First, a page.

-Guérin BMD Bone mineral density BMI Body mass index BNP B-type natriuretic peptide BP Blood pressure BRCA1 Breast cancer susceptibility gene 1 BRCA2 Breast cancer susceptibility gene 2 CA Cancer antigen CA125 Cancer antigen 125 CF Cystic fibrosis CHD Coronary heart disease CKD Chronic kidney disease COPD Chronic obstructive pulmonary disease CRC Colorectal cancer CRP High sensitivity C-Reactive Protein CT Computerised tomography CVD Cardiovascular disease DBP Diastolic blood pressure DNA (...) 34 6.1 Immunisation 34 6.2 STIs 37 7. Prevention of chronic disease 40 7.1 Smoking 42 7.2 Overweight 43 7.3 Nutrition 45 7.4 Early detection of problem drinking 47 7.5 Physical activity 49x Guidelines for preventive activities in general practice 8th edition 8. Prevention of vascular and metabolic disease 50 8.1 Assessment of absolute cardiovascular risk 50 8.2 BP 51 8.3 Cholesterol and other lipids 53 8.4 T ype 2 diabetes 55 8.5 Stroke 57 8.6 Kidney disease 58 9. Early detection of cancers 60

2012 Clinical Practice Guidelines Portal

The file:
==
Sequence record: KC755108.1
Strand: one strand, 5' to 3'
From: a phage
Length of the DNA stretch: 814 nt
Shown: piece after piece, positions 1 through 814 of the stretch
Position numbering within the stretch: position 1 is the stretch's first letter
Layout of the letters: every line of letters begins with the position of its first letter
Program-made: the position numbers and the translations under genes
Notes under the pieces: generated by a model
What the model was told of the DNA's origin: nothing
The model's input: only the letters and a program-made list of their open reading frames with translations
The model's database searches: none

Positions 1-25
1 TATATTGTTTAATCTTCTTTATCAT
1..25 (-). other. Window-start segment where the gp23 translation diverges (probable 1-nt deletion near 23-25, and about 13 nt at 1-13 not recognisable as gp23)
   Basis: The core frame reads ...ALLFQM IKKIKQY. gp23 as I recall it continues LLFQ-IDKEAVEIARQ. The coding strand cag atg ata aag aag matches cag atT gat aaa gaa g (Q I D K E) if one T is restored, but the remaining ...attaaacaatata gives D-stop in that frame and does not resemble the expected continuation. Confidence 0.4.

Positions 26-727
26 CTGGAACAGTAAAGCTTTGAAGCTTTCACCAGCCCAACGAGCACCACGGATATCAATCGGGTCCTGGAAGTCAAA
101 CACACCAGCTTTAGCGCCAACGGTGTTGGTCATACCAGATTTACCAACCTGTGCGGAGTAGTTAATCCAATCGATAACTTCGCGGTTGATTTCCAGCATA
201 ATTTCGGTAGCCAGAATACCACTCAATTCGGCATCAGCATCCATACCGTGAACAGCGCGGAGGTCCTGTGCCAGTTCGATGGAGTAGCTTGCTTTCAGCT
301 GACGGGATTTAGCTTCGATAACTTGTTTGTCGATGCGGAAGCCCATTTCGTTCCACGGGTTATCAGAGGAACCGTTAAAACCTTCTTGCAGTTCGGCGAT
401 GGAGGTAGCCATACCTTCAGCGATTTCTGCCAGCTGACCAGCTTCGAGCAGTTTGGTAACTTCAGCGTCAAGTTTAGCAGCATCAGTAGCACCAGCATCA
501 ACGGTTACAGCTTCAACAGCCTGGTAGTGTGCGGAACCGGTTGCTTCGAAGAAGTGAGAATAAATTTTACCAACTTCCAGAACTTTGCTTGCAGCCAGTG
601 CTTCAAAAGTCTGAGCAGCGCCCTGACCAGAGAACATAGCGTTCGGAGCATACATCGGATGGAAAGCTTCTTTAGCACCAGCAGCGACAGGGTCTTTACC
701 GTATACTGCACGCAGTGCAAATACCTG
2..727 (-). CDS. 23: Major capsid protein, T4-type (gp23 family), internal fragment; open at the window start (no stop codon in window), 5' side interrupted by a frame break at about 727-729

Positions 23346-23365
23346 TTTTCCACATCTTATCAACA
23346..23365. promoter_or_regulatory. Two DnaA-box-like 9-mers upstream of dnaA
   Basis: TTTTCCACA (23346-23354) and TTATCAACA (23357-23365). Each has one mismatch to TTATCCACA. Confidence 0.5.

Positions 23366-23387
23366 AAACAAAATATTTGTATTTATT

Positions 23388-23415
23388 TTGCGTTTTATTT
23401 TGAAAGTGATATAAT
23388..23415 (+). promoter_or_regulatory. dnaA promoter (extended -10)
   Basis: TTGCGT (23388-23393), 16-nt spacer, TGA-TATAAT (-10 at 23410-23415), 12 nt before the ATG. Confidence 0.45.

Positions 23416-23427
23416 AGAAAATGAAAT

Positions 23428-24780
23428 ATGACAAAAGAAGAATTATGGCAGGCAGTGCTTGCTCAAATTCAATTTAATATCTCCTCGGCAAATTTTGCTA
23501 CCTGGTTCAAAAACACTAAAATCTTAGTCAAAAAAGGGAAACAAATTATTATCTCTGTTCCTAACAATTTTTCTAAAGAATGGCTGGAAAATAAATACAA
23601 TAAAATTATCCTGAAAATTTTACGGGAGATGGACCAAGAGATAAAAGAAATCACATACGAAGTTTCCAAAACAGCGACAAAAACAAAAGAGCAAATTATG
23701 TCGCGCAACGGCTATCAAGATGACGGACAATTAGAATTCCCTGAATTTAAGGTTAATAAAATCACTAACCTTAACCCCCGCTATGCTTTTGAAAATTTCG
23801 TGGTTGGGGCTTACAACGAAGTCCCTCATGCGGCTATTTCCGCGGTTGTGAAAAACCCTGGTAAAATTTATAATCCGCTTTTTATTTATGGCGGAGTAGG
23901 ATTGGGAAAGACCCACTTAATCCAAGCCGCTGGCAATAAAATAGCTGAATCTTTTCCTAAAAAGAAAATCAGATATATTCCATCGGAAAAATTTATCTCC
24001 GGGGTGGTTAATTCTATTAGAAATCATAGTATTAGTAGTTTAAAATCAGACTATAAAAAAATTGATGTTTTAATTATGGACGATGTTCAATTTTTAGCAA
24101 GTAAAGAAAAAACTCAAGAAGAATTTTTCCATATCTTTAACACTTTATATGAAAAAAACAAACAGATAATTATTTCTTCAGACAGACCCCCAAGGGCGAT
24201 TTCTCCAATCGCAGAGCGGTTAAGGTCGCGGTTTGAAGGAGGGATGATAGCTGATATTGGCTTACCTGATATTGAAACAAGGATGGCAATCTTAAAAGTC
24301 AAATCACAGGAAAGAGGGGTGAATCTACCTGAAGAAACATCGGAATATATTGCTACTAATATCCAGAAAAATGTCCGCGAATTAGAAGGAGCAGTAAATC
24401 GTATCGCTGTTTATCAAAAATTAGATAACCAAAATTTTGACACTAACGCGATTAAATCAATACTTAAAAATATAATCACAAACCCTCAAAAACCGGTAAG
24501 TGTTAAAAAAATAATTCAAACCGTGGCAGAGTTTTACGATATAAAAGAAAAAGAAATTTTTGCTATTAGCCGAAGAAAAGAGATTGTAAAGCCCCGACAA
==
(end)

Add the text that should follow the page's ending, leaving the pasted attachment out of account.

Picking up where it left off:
1872. Position paper on hereditary angioedema

swelling of the gastrointestinal tract may result in abdominal pain, vomiting and hypotension. The most serious manifestation is laryngeal swelling, which was reported in older cohort studies to result in fatal asphyxiation in up to a third of patients 2 . Attacks may be preceded by a prodrome of tingling, or a non-itchy rash (erythema marginatum 3 ) anywhere on the body. Affected patients also have higher than expected rates of autoimmune disease 4, 5 . 1.2 Historical facts The first description (...) of HAE has been attributed to Robert Graves, who in 1843 described a patient with “a tumor rising on the forehead in the space of half an hour” and then later “sometimes the lips, inside of the mouth, palate, and uvula are attacked giving rise to a very considerable inconvenience” 6 . The superceded term angioneurotic edema (a synonym for angioedema) is derived from Heinrich Quincke’s original explanation that swelling arose from increased vascular permeability that could affect not only the face

2012 Clinical Practice Guidelines Portal

1873. Surgical simulation: skills transfer to the operating room: a systematic review